Should You Invest in Litecoin?
For years, investment pundits have been hyping Bitcoin as the gold of the cryptocurrency realm and Litecoin (CRYPTO:LTC) as the silver. The analogy seems apt: Just as gold has outperformed silver in the past few years, Bitcoin's returns have trounced those of Litecoin. A $10,000 investment in Bitcoin in 2013 would have grown to $886,000 today, compared with just $232,000 for Litecoin.
This underperformance comes even amid Litecoin's popularity as a medium of exchange for funds and transfers. So can you count on the 15th largest cryptocurrency in the world to help your investment portfolio grow?
Litecoin is known for its lightning-fast transaction times. The network can process as many as 56 transactions per second, compared with just seven for Bitcoin. In addition, transaction fees are usually a few pennies, versus the latter's few dollars (which can skyrocket during peak network demand amid bouts of speculation). Block times -- the time it takes to validate the existence of a new batch of tokens -- are also faster, taking 2 1/2 minutes for Litecoin and 10 minutes for Bitcoin. Lastly, each Litecoin transaction consumes just 3% of the energy it takes to process one Bitcoin transaction.
As of this writing, more than 3,000 businesses and stores worldwide accept Litecoin; there are 7,300 that accept Bitcoin. What's more, Litecoin is listed on nearly every cryptocurrency exchange, so users can seamlessly transfer Litecoin from one exchange to another. They also can use it as an entry point to purchase other altcoins, or cryptocurrencies aside from Bitcoin.
Resolving a crucial weakness
For some time, Litecoin lagged behind developments in the rest of the blockchain industry because its only functionality involved that of making uni-dimensional peer-to-peer electronic payments. But it is catching up after others jumped ahead.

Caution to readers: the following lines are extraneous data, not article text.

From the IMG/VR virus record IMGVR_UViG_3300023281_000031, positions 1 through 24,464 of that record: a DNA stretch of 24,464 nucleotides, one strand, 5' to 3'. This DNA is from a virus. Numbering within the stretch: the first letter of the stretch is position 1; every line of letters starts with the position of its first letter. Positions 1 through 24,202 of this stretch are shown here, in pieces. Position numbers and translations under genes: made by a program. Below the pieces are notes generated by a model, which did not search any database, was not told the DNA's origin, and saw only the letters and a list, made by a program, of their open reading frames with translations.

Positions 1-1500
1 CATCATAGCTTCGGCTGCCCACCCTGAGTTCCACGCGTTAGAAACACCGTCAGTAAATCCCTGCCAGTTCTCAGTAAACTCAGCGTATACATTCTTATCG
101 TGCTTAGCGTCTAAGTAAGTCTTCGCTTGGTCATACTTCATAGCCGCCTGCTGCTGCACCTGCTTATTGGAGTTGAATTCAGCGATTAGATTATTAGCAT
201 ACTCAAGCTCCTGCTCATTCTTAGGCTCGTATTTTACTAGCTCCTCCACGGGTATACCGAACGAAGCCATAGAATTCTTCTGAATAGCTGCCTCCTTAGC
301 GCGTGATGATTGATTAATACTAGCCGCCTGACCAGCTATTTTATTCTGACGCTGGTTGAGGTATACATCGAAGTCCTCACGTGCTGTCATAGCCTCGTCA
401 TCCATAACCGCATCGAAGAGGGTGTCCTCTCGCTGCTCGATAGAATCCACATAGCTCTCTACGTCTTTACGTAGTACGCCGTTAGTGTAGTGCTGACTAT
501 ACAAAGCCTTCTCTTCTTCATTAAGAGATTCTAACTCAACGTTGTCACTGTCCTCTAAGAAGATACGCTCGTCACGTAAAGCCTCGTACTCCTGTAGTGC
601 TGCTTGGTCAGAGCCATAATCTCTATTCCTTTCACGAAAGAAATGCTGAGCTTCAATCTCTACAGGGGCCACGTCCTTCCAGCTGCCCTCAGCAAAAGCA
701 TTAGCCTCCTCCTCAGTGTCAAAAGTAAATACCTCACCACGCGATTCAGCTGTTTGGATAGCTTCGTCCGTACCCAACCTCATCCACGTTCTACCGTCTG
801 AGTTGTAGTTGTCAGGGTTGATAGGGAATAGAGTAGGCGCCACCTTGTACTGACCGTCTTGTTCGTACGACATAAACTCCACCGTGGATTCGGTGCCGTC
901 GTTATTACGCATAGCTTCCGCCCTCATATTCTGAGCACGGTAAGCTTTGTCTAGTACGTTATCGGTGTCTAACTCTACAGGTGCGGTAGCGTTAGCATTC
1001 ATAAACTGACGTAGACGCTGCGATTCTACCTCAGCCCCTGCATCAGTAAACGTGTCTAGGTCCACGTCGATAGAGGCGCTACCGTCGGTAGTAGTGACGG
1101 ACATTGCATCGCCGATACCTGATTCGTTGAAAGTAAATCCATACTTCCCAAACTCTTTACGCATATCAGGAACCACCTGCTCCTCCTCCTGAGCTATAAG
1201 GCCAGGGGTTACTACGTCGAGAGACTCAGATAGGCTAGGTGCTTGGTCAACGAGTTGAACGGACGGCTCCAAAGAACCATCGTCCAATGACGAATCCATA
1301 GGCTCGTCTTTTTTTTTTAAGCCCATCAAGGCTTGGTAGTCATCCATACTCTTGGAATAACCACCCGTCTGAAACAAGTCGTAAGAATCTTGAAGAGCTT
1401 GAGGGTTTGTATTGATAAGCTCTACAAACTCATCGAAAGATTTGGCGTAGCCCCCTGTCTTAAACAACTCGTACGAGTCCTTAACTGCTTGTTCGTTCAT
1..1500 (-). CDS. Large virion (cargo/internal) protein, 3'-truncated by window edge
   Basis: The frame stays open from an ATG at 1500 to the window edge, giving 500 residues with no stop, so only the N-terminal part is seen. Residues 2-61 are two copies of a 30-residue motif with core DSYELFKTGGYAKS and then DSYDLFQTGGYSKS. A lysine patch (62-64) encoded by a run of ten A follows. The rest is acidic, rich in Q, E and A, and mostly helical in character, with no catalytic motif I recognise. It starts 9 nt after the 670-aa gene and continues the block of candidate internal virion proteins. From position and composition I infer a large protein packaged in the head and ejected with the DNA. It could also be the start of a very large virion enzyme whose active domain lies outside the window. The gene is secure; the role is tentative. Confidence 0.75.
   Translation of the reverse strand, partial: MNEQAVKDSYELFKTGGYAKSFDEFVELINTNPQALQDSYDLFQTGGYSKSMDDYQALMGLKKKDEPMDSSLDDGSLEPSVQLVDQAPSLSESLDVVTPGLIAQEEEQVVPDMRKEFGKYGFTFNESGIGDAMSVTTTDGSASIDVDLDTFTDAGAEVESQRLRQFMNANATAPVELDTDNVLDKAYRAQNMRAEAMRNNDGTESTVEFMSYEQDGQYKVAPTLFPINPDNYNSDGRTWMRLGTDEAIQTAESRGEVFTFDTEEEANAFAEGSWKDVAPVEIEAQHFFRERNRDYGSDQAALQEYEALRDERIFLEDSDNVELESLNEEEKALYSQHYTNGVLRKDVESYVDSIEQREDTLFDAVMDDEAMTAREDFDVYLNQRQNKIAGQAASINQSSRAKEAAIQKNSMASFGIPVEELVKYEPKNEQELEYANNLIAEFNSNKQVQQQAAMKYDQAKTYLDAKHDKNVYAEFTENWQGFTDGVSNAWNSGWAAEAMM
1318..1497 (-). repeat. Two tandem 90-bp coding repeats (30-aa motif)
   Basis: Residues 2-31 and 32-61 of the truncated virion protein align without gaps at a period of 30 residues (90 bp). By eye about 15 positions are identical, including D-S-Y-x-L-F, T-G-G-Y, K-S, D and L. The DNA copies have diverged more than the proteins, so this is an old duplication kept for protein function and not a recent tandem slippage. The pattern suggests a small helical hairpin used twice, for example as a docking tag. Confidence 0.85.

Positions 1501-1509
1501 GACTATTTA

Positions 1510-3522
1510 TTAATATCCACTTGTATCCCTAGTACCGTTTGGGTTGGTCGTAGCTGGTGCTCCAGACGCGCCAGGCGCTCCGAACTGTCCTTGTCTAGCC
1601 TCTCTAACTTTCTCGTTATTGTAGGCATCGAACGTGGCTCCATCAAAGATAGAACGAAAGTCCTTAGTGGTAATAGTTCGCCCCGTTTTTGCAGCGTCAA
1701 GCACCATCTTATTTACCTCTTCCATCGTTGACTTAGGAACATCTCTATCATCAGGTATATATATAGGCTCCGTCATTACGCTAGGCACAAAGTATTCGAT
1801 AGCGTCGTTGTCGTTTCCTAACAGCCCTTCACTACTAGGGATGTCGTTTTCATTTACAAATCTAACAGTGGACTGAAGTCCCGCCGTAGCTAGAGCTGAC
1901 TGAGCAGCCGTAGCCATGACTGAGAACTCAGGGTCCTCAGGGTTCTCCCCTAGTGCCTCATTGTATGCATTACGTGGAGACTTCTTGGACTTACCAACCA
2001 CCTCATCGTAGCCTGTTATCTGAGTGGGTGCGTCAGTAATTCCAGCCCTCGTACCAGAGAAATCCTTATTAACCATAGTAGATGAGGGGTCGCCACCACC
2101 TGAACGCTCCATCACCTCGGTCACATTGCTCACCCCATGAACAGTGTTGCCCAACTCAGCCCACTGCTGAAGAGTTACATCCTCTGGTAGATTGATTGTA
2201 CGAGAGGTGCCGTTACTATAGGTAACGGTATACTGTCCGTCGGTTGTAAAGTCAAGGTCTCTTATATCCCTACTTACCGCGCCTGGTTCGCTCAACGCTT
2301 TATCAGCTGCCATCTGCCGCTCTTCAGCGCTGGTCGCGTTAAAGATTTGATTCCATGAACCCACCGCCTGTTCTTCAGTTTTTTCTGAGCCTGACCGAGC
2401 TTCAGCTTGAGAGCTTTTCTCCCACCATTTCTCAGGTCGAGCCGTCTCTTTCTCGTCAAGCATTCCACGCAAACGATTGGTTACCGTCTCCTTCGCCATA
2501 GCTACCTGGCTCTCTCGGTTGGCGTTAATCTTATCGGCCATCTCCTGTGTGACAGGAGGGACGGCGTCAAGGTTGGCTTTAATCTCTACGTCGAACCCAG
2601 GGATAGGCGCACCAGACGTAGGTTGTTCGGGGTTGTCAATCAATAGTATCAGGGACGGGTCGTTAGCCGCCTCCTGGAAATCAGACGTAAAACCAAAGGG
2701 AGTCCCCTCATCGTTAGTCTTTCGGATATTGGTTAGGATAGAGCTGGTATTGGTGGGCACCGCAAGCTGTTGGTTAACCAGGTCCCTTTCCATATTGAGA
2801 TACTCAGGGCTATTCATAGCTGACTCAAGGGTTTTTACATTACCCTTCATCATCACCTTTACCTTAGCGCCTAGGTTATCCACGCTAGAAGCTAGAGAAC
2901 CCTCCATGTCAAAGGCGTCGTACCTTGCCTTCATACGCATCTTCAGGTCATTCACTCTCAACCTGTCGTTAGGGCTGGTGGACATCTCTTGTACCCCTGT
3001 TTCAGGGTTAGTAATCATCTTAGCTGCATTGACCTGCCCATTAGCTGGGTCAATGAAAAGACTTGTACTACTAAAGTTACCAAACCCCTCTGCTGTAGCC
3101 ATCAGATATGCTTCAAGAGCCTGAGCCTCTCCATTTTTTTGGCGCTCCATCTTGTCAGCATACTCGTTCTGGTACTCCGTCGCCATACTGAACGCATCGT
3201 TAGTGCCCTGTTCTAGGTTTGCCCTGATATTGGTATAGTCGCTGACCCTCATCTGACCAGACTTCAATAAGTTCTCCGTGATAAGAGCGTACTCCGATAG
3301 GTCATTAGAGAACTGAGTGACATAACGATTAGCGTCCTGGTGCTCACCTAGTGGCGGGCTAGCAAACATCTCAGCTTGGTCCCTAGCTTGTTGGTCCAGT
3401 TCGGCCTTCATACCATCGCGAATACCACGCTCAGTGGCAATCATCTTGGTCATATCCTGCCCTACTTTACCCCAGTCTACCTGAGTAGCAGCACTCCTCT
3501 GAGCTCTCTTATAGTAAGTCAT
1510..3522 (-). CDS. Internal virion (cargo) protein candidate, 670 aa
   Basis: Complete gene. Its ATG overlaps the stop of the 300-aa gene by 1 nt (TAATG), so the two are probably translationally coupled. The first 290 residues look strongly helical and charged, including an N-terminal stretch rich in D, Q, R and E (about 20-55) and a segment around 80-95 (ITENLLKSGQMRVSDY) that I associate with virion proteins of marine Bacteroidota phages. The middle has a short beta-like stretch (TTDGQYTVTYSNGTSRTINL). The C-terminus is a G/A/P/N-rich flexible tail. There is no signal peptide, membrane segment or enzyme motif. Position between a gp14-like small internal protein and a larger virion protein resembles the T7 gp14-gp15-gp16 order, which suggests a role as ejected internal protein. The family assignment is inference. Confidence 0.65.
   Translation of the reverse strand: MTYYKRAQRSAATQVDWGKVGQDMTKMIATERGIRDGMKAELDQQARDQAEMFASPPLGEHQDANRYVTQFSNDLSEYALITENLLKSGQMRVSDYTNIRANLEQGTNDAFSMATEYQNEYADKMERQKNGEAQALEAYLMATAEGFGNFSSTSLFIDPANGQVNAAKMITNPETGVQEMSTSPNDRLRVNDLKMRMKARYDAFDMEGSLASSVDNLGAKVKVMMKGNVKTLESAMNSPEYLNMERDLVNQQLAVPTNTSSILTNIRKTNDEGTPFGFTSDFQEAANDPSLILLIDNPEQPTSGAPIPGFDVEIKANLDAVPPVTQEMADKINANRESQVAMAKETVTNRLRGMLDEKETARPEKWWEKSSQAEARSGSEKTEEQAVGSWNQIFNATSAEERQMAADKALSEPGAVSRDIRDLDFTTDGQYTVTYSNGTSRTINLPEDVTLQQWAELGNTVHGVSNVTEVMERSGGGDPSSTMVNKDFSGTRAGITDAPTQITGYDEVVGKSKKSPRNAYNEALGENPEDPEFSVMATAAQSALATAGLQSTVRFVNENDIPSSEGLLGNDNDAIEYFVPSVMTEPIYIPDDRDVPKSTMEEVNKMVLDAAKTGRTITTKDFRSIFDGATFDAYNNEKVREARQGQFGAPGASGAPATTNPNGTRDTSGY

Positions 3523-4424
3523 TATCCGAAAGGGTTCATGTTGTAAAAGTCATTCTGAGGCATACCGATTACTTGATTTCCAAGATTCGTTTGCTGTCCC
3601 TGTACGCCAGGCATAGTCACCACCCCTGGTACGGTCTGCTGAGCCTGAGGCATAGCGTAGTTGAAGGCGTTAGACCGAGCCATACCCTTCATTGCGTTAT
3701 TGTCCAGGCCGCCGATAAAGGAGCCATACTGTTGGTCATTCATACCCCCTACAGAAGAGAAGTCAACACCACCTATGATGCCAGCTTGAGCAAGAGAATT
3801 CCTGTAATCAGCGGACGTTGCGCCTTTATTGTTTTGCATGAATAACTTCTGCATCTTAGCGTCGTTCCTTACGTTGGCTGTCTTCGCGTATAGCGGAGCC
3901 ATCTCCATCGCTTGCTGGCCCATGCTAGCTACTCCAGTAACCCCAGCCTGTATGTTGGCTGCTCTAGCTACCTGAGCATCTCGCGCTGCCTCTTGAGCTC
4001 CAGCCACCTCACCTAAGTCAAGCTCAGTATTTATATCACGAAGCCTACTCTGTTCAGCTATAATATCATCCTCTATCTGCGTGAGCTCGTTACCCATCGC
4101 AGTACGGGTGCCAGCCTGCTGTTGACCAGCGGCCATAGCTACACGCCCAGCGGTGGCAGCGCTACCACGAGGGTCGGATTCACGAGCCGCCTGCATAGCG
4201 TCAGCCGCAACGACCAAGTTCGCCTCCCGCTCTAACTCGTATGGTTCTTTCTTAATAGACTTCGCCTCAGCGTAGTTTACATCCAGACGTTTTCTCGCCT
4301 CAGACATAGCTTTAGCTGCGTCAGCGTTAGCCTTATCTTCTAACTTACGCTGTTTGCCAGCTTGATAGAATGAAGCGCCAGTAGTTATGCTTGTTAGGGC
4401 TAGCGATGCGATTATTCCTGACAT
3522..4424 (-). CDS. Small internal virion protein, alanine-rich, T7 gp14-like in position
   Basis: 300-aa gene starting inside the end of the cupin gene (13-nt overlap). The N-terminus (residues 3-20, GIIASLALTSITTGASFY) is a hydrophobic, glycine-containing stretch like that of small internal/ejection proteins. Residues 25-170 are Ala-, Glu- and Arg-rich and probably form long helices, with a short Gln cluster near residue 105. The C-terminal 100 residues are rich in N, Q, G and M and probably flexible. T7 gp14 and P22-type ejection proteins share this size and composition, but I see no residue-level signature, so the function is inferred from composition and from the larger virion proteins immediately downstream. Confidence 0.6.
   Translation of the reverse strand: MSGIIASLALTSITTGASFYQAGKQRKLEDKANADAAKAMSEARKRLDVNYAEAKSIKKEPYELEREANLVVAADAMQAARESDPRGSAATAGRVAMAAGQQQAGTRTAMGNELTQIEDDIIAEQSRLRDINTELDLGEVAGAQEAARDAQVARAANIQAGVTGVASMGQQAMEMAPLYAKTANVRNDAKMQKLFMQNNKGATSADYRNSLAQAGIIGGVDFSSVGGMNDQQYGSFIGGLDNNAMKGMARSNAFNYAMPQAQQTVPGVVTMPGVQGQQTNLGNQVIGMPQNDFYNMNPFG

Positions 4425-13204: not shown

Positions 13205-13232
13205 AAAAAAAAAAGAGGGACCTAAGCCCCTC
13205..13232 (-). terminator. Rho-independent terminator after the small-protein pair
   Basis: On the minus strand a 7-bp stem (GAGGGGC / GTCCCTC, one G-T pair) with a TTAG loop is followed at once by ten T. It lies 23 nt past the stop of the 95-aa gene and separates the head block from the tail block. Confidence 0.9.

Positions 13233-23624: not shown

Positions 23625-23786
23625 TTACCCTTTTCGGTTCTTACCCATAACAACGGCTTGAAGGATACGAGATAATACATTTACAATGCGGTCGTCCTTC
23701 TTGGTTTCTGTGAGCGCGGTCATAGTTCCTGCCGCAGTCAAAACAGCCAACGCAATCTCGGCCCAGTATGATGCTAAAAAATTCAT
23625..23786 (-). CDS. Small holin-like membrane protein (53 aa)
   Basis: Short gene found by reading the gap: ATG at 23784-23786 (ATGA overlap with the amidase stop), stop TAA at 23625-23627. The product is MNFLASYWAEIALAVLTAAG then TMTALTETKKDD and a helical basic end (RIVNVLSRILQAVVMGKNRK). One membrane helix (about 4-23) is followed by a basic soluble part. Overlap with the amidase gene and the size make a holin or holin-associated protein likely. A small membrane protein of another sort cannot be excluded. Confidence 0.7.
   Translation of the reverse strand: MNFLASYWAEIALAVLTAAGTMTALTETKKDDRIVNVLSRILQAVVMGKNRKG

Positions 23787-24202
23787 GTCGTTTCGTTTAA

Earlier this year, miners around the world finally agreed to overhaul Bitcoin's outdated protocol and introduce smart-contract functionality to the network via its Taproot update, scheduled for introduction in November. Once Taproot goes live, users would be able to take out asset loans using Bitcoin, buy and sell nonfungible tokens, interact with decentralized applications (dapps), swap for altcoins on decentralized exchanges, and more.
In recent years, the current "reserve currency" for such types of transactions has been Ethereum (CRYPTO:ETH). For example, Ethereum now handles $294.8 million worth of smart contracts, or self-executing agreements, each day across 2,841 dapps. So there's definitely a lot of potential for the Bitcoin to disrupt the market.
But there's the potential for Litecoin to match Bitcoin, because its developers have finally decided to improve the currency. On Sept. 7, the Litecoin Foundation introduced OmniLite, a protocol built on top of Litecoin's blockchain. OmniLite will enable the deployment of smart contracts, nonfungible tokens, and decentralized tokens with transactions notarized on Litecoin's ledger. What's more, third-party providers, such as Wanchain, have made Litecoin smart contracts compatible with the Ethereum Virtual Machine, although for now their adoption rate remains low.
More hope for Litecoin
There is yet another exciting feature that developers are implementing. Last year, Litecoin founder Charlie Lee said in an interview that he is looking to add privacy-enhanced features for the network, such as obfuscating transactions on its ledger. The move would enable Litecoin the ability to solve the problem confronted by Bitcoin—every transaction has less privacy that using cash. Privacy coins such as Monero and Pirate Chain have surged in popularity in recent years among users who wish to conduct transactions without the fear of being tracked by crypto analytics firms.
Overall, Litecoin is beginning to gain footing in a hypercompetitive cryptocurrency ecosystem and is transforming itself into something more useful. That makes it a worthwhile holding for investors seeking to put their money into altcoins.